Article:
We shall admit into the state all the Jews we can. We firmly believe that we can admit more than two million Jews. We shall build a multi-faceted Jewish economy– agricultural, industrial, and maritime. We shall organize an advanced defense force—a superior army which I have no doubt will be one of the best armies in the world. At that point I am confident that we would not fail in settling in the remaining parts of the country, through agreement and understanding with our Arab neighbors, or through some other means.
We must always keep in mind the fundamental truths that make our settlement of this land imperative and possible. They are two or three: it is not the British Mandate nor the Balfour Declaration. These are consequences, not causes. They are the products of coincidence: contingent, ephemeral, and they will come to an end. They were not inevitable. They could not have occurred but for the World War, or rather, they would not have occurred if the war had not ended the way it did.
But on the other hand there are fundamental [emphasis original] historical truths, unalterable as long as Zionism is not fully realized. These are:
1) The pressure of the Exile, which continues to push the Jews with propulsive force towards the country
2) Palestine is grossly under populated. It contains vast colonization potential which the Arabs neither need nor are qualified (because of their lack of need) to exploit. There is no Arab immigration problem. There is no Arab exile. Arabs are not persecuted. They have a homeland, and it is vast.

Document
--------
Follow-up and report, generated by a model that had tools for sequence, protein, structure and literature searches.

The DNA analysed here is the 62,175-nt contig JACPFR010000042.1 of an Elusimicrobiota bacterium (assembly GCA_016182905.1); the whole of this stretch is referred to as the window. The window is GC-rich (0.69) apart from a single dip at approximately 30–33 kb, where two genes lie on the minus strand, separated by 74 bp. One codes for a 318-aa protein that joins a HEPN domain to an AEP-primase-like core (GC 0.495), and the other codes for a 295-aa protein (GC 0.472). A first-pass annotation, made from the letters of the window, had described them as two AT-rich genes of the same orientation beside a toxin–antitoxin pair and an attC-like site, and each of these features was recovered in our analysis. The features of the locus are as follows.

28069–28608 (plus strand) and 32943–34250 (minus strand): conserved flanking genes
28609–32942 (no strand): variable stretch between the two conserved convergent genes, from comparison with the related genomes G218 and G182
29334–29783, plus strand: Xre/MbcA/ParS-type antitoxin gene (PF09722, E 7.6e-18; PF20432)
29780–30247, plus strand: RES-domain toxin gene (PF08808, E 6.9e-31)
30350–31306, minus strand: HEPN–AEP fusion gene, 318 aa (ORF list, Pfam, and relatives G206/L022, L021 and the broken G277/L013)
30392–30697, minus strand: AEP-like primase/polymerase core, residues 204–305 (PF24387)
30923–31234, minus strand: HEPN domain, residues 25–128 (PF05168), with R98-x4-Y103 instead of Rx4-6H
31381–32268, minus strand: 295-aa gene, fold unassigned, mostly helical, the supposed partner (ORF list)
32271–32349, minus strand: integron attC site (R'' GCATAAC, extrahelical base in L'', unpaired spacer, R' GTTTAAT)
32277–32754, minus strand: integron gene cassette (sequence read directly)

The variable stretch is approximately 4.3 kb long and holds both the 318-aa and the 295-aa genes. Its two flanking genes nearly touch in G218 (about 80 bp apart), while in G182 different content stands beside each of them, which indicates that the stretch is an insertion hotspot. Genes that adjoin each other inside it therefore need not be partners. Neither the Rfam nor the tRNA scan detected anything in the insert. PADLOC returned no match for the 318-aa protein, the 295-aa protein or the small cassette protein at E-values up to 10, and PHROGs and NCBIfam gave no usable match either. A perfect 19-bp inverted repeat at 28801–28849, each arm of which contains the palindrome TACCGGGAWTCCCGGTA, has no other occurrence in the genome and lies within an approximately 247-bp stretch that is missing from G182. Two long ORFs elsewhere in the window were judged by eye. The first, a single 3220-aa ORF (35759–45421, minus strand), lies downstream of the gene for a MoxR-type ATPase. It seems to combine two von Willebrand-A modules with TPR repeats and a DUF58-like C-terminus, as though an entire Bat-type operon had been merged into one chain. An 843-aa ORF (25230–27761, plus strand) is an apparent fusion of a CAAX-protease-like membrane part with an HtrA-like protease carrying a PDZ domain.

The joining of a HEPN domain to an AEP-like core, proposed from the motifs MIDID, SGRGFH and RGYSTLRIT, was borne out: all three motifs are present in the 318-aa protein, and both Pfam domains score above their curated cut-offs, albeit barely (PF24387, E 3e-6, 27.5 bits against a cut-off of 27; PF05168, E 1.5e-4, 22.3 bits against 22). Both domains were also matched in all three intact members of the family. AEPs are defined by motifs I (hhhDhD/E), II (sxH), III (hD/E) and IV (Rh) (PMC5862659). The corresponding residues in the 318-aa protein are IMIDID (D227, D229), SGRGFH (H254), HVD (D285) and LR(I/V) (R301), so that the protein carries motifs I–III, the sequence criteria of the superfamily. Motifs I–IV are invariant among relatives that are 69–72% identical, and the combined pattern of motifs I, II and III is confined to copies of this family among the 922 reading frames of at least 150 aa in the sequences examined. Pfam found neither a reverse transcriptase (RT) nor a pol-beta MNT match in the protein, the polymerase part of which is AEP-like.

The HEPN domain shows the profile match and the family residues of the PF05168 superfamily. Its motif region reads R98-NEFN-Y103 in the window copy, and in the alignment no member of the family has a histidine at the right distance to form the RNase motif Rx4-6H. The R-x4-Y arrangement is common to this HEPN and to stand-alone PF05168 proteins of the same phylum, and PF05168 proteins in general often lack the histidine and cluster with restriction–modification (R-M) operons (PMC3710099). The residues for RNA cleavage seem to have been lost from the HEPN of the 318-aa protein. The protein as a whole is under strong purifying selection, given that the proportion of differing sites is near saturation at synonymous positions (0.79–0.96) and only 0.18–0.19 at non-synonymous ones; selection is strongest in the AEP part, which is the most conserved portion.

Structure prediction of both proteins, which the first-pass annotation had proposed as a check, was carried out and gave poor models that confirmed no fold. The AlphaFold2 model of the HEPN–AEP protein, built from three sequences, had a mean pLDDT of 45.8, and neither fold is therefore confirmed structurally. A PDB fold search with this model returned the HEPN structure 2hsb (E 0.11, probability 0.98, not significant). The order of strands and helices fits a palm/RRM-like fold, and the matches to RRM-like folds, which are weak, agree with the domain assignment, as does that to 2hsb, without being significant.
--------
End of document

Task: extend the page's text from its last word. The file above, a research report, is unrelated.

3) The innovative talents of the Jews (a consequence of point 1 above), their ability to make the desert bloom, to create industry, to build an economy, to develop culture, to conquer the sea and space with the help of science and pioneering endeavor.
These three fundamental truths will be reinforced by the existence of a Jewish state in a part of the country, just as Zionism will be reinforced by every conquest, large or small, every school, every factory, every Jewish ship, etc.
Our ability to penetrate the country will increase if we have a state. Our strength vis-à-vis the Arabs will likewise increase. The possibilities for construction and multiplication will speedily expand. The greater the Jewish strength in the country, the more the Arabs will realize that it is neither beneficial nor possible for them to withstand us. On the contrary, it will be possible for the Arabs to benefit enormously from the Jews, not only materially but politically as well.
I do not dream of war nor do I like it. But I still believe, more than I did before the emergence of the possibility of a Jewish state, that once we are numerous and powerful in the country the Arabs will realize that it is better for them to become our allies.
They will derive benefits from our assistance if they, of their own free will, give us the opportunity to settle in all parts of the country. The Arabs have many countries that are under-populated, underdeveloped, and vulnerable, incapable with their own strength to stand up to their external enemies. Without France, Syria could not last for one day against an onslaught from Turkey. The same applies to Iraq and to the new [Palestinian] state [under the Peel plan]. All of these stand in need of the protection of France or Britain. This need for protection means subjugation and dependence on the other. But the Jews could be equal allies, real friends, not occupiers or tyrants over them.